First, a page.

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A río revuelto, ganancia de pescadores

 

An idiom is an expression whose meaning is not readily apparent based on the individual words in the expression. This forum is dedicated to discussing idioms and other sayings.


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  #1  
Old January 14, 2012, 03:35 AM
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A río revuelto, ganancia de pescadores

I'm looking for its English equivalent -which is not "fishing in troubled waters"-.

Our saying -become an idiom- implies that only outsiders have sure winnings when a civil war or turmoil arise, or any internal conflict in a family, company or group emerge.

Unlike the phrase in English, no risk or chance is associated with those "pescadores".
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Old January 14, 2012, 04:39 AM
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I suspect there is no alternative to

The devil loves to fish in troubled waters

which is a quotation from John Trapp in his commentary on the bible. His quotations have infiltrated English to such an extent that an alternative is unlikely, though of course I could be wrong.
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Old January 14, 2012, 06:08 PM
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I have heard it as Every cloud has a silver lining but do not necessarily agree, since to me at least, it's a way of expressing how opportunistic people take advantage of others who have fallen on hard times. No corresponding English idiom comes to mind right away, but perhaps a Spanish one would be - correct me if I'm wrong - En tiempo de remolino, sube la basura.

Last edited by Glen; January 14, 2012 at 08:15 PM.
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Old January 15, 2012, 03:07 AM
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Quote:
Originally Posted by Glen View Post
I have heard it as Every cloud has a silver lining but do not necessarily agree, since to me at least, it's a way of expressing how opportunistic people take advantage of others who have fallen on hard times.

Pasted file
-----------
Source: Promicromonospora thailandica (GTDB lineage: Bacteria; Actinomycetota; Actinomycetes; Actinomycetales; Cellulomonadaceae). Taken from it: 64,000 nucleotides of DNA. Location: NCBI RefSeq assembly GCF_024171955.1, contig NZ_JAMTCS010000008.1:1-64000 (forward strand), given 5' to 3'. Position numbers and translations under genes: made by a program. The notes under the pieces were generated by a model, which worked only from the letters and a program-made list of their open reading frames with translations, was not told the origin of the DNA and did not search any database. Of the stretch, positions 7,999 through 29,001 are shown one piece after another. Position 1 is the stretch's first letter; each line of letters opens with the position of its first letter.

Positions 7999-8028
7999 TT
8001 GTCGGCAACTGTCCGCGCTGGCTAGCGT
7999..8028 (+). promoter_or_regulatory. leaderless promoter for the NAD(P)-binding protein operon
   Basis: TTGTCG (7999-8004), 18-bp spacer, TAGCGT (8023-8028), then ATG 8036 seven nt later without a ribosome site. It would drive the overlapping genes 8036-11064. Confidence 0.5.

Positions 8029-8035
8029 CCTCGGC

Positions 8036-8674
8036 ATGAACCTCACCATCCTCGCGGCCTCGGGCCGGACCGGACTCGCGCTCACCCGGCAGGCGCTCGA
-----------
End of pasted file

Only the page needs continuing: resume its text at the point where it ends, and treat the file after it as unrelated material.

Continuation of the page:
I find that a really odd interpretation, to be honest. It's generally understood that no matter how bad things are, they will get better.
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Old January 15, 2012, 03:50 AM
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Quote:
Originally Posted by Perikles View Post
I suspect there is no alternative to

The devil loves to fish in troubled waters

which is a quotation from John Trapp in his commentary on the bible. His quotations have infiltrated English to such an extent that an alternative is unlikely, though of course I could be wrong.
Yes, thanks, that's about the meaning. I've seen "fishing in troubled waters" as a standalone idiom meaning "trying to get something from a conflict" which looks as making hay. The Spanish idiom tries to warn on the deleterious effects of intestine conflicts.

Quote:
Originally Posted by Glen View Post
I have heard it as Every cloud has a silver lining but do not necessarily agree, since to me at least, it's a way of expressing how opportunistic people take advantage of others who have fallen on hard times. No corresponding English idiom comes to mind right away, but perhaps a Spanish one would be - correct me if I'm wrong - En tiempo de remolino, sube la basura.